Archives: E-Discovery Rules

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Something Wicked This Way Comes – Dark and Dusty Data and the Risk Your Organization Already Owns

This blog post is a joint submission with BakerHostetler’s Data Privacy Monitor blog. During the final panel of Thomson Reuters’ 17th Annual eDiscovery & Information Governance in Practice Forum, Thomas Barnett, Ignatius Grande, and Sandra Rampersaud led a lively discussion on Managing Big Data, Dark Data, and Risk.  And while the exchange incorporated Information Governance 101 principles … Continue Reading

Your Request for Spoliation Sanctions Could Get You Sanctioned

We like our litigation to be decided on the merits. Sanctions motions based on unsupported claims of spoliation create expensive sideshows that distract from the merits. And sometimes — although perhaps not frequently enough — baseless and abusive motions are punished. Recently, in Smith v. Westchester County Dept. of Corrections, No. 07-CIV-1803 (SDNY), Judge Shira A. Scheindlin … Continue Reading

Judicial Conference Proposes Proportional Discovery Through Amendments to the FRCP

The Judicial Conference’s Committee on Rules of Practice and Procedure recently approved for publication proposals to amend the Federal Rules of Civil Procedure.  If enacted, these proposals would significantly limit the scope of discovery – including ediscovery. The proposals include imposing or reducing the number of depositions, interrogatories, and requests for admission under Rules 30, … Continue Reading

Nothing Goes Better with Race Tires than . . . Wine?! – Fourth Circuit Limits Taxable eDiscovery Costs

As we’ve discussed multiple times (see here, here, and here), the issue of what types of ediscovery costs are taxable under 28 U.S.C. § 1920 was first addressed by a federal appellate court last spring in Race Tires America, Inc. v. Hoosier Racing Tire Corp.  The Third Circuit – in line with the Supreme Court’s … Continue Reading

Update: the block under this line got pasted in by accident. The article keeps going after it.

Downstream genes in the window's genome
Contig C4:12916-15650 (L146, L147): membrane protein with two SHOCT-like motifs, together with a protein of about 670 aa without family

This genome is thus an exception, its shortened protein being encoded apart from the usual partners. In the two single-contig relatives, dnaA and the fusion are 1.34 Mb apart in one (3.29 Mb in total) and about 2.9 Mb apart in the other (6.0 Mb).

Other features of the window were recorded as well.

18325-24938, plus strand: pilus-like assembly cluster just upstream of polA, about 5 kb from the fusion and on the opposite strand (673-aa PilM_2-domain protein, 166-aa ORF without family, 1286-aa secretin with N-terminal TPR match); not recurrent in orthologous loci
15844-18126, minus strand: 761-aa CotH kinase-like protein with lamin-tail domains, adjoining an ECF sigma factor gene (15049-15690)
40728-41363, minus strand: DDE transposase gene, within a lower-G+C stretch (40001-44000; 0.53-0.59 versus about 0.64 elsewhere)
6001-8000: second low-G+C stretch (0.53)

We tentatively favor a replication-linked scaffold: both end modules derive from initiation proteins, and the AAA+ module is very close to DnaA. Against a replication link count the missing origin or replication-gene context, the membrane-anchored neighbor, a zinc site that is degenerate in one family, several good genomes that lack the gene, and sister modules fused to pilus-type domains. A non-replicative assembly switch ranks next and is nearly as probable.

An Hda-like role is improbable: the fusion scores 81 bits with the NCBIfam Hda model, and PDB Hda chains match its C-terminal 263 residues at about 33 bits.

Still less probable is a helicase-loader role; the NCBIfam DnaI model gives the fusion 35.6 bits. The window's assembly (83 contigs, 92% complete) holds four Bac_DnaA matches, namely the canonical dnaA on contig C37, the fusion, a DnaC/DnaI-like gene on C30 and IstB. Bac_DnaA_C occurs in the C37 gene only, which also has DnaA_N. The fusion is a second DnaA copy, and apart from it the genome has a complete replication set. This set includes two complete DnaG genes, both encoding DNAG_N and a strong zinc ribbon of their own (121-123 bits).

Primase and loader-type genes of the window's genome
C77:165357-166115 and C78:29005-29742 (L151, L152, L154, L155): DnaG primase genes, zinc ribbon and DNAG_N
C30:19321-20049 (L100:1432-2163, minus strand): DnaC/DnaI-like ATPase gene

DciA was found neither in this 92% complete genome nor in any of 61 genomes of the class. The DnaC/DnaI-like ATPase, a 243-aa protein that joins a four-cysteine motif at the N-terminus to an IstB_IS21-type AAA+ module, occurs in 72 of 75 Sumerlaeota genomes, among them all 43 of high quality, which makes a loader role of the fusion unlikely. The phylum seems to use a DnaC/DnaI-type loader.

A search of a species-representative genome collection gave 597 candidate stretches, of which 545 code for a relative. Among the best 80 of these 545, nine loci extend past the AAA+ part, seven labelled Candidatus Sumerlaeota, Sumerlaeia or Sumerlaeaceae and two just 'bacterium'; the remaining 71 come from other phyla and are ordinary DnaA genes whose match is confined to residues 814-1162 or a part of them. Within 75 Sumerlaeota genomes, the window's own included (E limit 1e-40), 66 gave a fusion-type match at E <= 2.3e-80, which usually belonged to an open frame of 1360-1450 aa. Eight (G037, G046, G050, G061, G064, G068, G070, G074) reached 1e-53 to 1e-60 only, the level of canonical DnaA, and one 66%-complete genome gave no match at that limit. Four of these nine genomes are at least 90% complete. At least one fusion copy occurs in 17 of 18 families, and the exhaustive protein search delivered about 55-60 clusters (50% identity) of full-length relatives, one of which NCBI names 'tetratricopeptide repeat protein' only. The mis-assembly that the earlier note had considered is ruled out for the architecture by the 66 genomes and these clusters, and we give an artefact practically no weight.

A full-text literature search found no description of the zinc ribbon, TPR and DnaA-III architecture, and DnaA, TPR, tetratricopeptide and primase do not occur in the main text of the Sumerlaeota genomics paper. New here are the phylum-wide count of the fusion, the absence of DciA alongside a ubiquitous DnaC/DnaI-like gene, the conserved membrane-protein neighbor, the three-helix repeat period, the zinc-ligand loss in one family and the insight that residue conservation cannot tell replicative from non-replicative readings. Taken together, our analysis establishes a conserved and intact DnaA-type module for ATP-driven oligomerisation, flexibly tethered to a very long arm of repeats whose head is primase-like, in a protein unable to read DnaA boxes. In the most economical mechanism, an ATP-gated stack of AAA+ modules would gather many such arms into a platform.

What You Don’t Know About Your Discovery Vendor Can Get You Sanctioned

A recent decision out of the Northern District of Illinois serves as an important reminder to all counsel relying on e-discovery vendors. In Peerless Industries, Inc. v. Crimson AV, LLC, the defendant was found to have control over its China-based supplier and, in particular, over the supplier’s documents.  After the defendant’s 30(b)(6) witness was unable … Continue Reading

Judge Warns: Avoid Mechanically Produced Boilerplate Privilege Logs

Co-authored by: Karin Scholz Jenson A recent decision from Judge Facciola of the District Court for the District of Columbia lambasted a party’s unspecific, boilerplate privilege log and directed the party to make “specific and clear claims of privilege.”  See Chevron Corp. v. The Weinberg Group (No. 1:11-mc-409, D.D.C.).   In Chevron, the Petitioner challenged over … Continue Reading

SCOTUS Declines to Weigh In on the Taxation of e-Discovery Costs

We previously discussed both the Third Circuit’s decision striking $300,000 in e-discovery costs from a cost award as non-taxable under 28 U.S.C. § 1920, and the defendants’ subsequent petition for writ of certiorari to the Supreme Court.  On October 1, the Supreme Court denied the petition.  Keep an eye on the appellate courts to see … Continue Reading

Proposed Privacy Law Amendments: Senate Judiciary Committee Fails to Take Up ECPA and VPPA Amendments

Authored by: Erica Gann Kitaev Editor’s Note: This post is a joint submission to BakerHostetler’s Data Privacy Monitor. The Senate Judiciary Committee was slated on Thursday to take up long overdue revisions to the Electronic Communications Protection Act (“ECPA”) and the Video Privacy Protection Act (“VPPA”), but the issue was held over by the committee. Chairman of … Continue Reading

Preservation and Cost Shifting: Recent New York Appeals Court Opinions Clarify State Discovery Rules

The New York state Appeals Court has been active in the e-discovery space over the past few months.  In Voom HD Holdings LLC v. EchoStar Satellite LLC the court discusses when the duty to preserve information in advance of actual litigation arises.  And in U.S. Bank N.A. v. GreenPoint Mtge. Funding, Inc., the court considers … Continue Reading
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